Over the last six or so months, it’s become abundantly clear that Turkey is home to several of the key transit and supply routes utilized by Islamic State.
Ankara has long been suspected of turning a blind eye to the legions of foreign fighters that flow across the border into Syria and as Nafeez Ahmed noted last month, there’s voluminous evidence to support the contention that Turkey’s government is complicit in the terror group’s activities. This evidence was available long before the Russian MoD blew the whistle on Erdogan’s ties to the group’s illicit crude trade.
Here are some key excerpts from Nafeez’s piece "NATO is harbouring the Islamic State: Why France’s brave new war on ISIS is a sick joke," as originally published in Medium:
A senior Western official familiar with a large cache of intelligence obtained this summer from a major raid on an ISIS safehouse told the Guardian that “direct dealings between Turkish officials and ranking ISIS members was now ‘undeniable.’”
The same official confirmed that Turkey, a longstanding member of NATO, is not just supporting ISIS, but also other jihadist groups, including Ahrar al-Sham and Jabhat al-Nusra, al-Qaeda’s affiliate in Syria. “The distinctions they draw [with other opposition groups] are thin indeed,” said the official. “There is no doubt at all that they militarily cooperate with both.”
In a rare insight into this brazen state-sponsorship of ISIS, a year ago Newsweek reported the testimony of a former ISIS communications technician, who had travelled to Syria to fight the regime of Bashir al-Assad.
The former ISIS fighter told Newsweek that Turkey was allowing ISIS trucks from Raqqa to cross the “border, through Turkey and then back across the border to attack Syrian Kurds in the city of Serekaniye in northern Syria in February.” ISIS militants would freely travel “through Turkey in a convoy of trucks,” and stop “at safehouses along the way.”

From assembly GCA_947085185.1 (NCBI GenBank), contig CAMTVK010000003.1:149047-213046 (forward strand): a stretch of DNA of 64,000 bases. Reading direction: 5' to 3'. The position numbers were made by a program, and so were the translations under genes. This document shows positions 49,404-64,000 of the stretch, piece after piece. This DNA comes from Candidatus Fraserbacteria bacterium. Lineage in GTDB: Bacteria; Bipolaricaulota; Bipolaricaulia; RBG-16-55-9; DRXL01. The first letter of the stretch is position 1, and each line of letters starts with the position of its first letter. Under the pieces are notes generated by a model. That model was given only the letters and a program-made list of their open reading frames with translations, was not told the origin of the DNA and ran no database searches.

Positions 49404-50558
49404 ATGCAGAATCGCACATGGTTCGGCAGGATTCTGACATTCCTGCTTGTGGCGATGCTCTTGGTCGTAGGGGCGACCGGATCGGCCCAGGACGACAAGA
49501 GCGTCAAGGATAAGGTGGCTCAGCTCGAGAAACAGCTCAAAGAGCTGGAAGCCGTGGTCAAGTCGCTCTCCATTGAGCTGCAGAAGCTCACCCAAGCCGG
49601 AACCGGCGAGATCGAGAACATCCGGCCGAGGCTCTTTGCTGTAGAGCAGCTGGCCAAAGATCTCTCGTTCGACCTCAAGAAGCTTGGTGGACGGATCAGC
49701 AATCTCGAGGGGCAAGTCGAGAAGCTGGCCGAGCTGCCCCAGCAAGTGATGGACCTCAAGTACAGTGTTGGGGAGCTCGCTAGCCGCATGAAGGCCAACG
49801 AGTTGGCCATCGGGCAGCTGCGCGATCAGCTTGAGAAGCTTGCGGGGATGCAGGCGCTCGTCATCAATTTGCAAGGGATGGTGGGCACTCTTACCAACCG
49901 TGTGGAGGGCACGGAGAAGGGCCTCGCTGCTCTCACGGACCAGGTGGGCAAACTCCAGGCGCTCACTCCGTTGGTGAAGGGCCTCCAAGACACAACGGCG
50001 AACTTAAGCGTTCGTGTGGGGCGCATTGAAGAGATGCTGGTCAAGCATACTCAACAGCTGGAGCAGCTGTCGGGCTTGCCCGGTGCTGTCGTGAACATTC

The former ISIS communication technician also admitted that he would routinely “connect ISIS field captains and commanders from Syria with people in Turkey on innumerable occasions,” adding that “the people they talked to were Turkish officials… ISIS commanders told us to fear nothing at all because there was full cooperation with the Turks.”
Back in May, The New York Times reported that in addition to foreign fighters and weapons, ammonium nitrate also flows across the porous border between Syria and Turkey. "The open transport of ammonium nitrate into Islamic State territory points to lingering questions about Turkey’s commitment to isolating its jihadist neighbors," The Times wrote on the way to documenting how the fertilizer (which is also used to build bombs) makes its way from Akcakale, which is home to 90,000 Turks to the Syrian town of Tel Abyad.
As if all of the above wasn't enough, testimony from an ISIS fighter captured by the Kurdish YPG points to Turkey as a training ground for new ISIS recruits. "The training took place in Turkey because the Daesh command thought that it was safer there than in Syria. It wasn't possible to carry out training in Syria because of airstrikes," the soldier said, adding that "the media wrote that we were training in an FSA military camp, but in fact, all 60 of us were members of Daesh."
And then there is of course the infamous illegal crude racket in which ISIS is suspected to work closely with the Turks in trafficking stolen oil from captured fields in Syria and Iraq to the Turkish port of Ceyhan.
Now, thanks to an investigative report by Spiegel, we learn that Islamic State also procures satellite dishes in Turkey and before you write that off as immaterial, or inconsequential compared to everything else ISIS gets across the Syrian border, consider that without these dishes, the group could not disemminate its propaganda. "No terror organization uses the Internet as successfully when it comes to marketing itself and recruiting supporters as Islamic State (IS) does," Spiegel begins, before asking the following: "...how is it able to do so given that the group operates in a region where telecommunications infrastructure has been largely destroyed?"
If you need to get online in Syria or Iraq, the technology needed to do so can be purchased in the Hatay province -- a corner of Turkey located between the Mediterranean Sea and the Syrian border.